An eCommerce company, one of the largest in the world, was focusing on optimizing their application performance globally. They were using five different CDNs, 25+ own edge POPs, four major data centers, microservices, containers, distributed teams, etc. They have a centralized monitoring team using one APM solution, Catchpoint Synthetics monitoring for all their critical endpoints and user journey, and using a SIEM to pull all data and logs to a single place with intelligence built on top of this.
The goals were clearly defined, visibility into every layer using a combination of logs, APM, and synthetics so they can quickly detect anything as soon as it breaks. They were also actively looking at historical performance and different datasets and statistics to identify optimization areas in each layer. Their optimization efforts included the code, the front end, the delivery chain, the cloud providers, vendors, etc. This holistic and neutral mindset has ensured a great end-user experience with a continuous focus on optimizing the user experience while delivering business results.
Different Mindsets, Different Strategies
The mindset of IT stakeholders in an organization defines the monitoring approach and how it is prioritized. The monitoring mindsets of organizations can fall under one of the following categories:
- Infrastructure First
- Network First
- Application First
- End User First
- Business Results First
While it is true that these are different siloed entities within an organization, with their own responsibilities, priorities, and some shared goals, the success of each of these teams is crucial for the success of the entire organization. But often, what technologies and practices are chosen by the organization usually depends on the mindset of the strongest stakeholder at the table. And that can sometimes be dangerous for the entire company.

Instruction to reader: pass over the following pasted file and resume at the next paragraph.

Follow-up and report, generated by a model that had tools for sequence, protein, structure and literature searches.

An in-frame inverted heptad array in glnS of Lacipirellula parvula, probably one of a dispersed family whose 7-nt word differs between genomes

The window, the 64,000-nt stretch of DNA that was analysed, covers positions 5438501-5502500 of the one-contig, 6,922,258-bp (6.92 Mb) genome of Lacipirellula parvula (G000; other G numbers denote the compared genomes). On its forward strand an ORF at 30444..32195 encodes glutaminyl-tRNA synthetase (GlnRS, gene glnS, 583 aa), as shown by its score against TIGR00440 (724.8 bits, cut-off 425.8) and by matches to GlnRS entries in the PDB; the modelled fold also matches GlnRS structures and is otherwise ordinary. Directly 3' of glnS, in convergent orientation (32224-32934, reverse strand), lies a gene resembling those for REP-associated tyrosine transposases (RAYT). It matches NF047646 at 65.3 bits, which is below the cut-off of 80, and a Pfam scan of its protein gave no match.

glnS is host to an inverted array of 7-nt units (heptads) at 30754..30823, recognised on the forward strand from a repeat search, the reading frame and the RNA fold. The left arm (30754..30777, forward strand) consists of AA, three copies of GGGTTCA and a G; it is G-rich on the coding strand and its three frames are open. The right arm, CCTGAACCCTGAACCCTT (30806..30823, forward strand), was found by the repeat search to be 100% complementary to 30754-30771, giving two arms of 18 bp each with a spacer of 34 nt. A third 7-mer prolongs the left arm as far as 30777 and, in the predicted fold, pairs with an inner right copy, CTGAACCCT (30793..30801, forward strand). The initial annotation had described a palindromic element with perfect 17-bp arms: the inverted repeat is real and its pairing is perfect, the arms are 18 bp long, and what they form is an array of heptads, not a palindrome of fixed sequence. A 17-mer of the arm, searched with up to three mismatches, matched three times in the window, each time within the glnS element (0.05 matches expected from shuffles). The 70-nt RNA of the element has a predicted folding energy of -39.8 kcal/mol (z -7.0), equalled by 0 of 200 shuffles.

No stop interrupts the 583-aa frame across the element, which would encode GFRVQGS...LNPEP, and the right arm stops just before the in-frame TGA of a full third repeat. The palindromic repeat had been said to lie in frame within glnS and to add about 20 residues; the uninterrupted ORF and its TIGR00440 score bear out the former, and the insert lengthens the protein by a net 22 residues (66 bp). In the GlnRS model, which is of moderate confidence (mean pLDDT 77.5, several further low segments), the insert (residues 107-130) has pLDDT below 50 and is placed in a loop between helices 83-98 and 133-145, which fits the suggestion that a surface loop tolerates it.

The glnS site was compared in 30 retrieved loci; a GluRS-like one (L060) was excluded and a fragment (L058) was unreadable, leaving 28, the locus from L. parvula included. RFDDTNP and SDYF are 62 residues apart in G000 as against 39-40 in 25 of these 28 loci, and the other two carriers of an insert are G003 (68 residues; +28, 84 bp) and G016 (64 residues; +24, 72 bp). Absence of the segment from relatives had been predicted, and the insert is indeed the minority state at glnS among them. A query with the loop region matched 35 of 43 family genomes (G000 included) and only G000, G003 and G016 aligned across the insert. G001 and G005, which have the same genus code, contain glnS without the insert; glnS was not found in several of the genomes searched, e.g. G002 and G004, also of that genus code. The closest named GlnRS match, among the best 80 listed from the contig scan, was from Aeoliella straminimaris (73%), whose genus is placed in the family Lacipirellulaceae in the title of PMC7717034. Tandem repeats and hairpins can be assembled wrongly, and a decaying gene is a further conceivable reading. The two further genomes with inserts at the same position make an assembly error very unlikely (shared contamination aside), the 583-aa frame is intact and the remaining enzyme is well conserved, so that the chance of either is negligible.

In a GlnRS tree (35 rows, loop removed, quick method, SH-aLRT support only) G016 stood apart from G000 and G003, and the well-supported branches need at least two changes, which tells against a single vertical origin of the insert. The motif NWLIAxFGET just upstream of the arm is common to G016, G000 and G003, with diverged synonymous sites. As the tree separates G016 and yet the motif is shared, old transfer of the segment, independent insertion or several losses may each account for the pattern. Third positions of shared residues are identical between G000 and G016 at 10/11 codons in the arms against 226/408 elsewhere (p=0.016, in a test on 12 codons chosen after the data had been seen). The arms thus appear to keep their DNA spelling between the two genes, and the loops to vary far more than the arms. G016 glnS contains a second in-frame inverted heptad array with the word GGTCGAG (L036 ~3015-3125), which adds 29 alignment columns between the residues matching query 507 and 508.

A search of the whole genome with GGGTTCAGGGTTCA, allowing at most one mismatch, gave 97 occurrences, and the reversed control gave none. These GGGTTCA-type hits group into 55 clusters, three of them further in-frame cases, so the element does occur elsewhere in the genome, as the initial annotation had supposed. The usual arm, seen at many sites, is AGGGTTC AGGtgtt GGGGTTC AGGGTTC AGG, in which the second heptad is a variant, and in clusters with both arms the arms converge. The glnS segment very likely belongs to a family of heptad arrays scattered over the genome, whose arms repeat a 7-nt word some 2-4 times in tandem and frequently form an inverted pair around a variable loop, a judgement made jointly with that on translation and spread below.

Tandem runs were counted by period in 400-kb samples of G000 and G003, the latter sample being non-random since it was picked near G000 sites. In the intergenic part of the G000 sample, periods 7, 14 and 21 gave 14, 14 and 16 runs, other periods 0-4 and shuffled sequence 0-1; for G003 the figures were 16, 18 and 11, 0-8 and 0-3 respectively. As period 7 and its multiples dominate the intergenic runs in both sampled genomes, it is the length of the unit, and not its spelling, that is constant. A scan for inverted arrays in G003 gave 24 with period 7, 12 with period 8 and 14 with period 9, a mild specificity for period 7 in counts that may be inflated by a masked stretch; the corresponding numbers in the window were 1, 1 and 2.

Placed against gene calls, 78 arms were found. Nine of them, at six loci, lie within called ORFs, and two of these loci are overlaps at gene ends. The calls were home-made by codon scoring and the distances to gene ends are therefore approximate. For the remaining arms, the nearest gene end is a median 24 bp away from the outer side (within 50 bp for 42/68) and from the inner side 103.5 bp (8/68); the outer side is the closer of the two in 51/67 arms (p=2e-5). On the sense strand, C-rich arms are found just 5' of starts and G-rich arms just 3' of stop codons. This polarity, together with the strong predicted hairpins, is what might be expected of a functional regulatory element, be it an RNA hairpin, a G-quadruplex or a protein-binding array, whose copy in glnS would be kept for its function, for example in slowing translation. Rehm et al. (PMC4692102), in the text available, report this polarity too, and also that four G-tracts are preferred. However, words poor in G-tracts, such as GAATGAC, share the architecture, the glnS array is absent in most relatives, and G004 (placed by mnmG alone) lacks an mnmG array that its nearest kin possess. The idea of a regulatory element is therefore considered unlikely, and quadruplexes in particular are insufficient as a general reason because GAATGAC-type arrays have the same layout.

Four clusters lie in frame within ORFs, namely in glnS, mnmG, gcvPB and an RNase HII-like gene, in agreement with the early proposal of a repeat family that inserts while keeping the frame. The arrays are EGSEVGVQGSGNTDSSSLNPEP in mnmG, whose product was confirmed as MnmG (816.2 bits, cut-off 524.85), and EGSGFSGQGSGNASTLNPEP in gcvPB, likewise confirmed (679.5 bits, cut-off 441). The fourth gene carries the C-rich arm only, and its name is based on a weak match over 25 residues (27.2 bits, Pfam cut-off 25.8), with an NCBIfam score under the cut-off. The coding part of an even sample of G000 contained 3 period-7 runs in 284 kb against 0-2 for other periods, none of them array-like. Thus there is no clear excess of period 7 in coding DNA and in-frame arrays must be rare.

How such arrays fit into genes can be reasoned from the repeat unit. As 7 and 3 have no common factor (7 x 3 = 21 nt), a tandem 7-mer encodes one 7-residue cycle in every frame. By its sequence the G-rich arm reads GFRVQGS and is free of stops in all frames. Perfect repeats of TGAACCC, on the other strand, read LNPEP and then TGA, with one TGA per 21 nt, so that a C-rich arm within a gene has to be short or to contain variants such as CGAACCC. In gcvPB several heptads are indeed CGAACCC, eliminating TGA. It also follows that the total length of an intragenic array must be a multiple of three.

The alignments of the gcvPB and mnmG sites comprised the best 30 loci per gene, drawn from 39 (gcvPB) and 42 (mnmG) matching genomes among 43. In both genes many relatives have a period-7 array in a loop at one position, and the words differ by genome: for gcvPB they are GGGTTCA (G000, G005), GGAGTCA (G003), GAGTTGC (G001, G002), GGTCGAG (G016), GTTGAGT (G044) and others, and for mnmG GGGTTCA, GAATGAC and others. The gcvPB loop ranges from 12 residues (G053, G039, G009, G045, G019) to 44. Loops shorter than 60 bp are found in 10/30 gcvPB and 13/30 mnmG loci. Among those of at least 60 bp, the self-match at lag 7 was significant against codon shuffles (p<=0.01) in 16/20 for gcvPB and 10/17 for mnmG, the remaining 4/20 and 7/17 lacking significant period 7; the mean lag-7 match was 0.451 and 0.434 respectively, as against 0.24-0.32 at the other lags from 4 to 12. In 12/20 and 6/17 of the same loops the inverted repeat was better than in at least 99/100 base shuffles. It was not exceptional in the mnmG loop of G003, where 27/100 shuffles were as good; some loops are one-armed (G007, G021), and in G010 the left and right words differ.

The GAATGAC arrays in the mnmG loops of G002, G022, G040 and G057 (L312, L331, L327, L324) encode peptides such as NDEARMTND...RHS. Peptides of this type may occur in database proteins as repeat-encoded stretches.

For example, if the strongest stakeholder is from a developer/engineering background, then their implicit beliefs would push them towards an “Application First” monitoring mindset, resulting in more investments into Application monitoring solutions and methodologies.
Similarly, if the strongest stakeholder is from an operations background, then their implicit beliefs would push them towards an “Operations/Infrastructure First” monitoring mindset, resulting in more investments into Infrastructure monitoring solutions and methodologies.
There are several advantages and best practices in each of these monitoring mindsets and the organization’s success is defined in their own ways.
However, the only challenge that the organizations fail to realize or are often forced to adjust much later, is how disconnected they are when it comes to aligning themselves with the big picture. i.e. aligning themselves with their end users who determine the business results.
Most large organizations have two types of monitoring team structures:
- Centralized Monitoring Teams
- Decentralized Monitoring Teams – where each product or service team has the freedom to get their own monitoring tools and methodologies.
While the mindset challenge is faced by all types of organizations, things can get messy in organizations that have a decentralized structure. In the case of centralized monitoring teams, the realization of the gaps and alignment happen a little faster. However, the real and deeper challenge is with organizations that have a decentralized structure. Here there are:
- Many mindsets
- Many approaches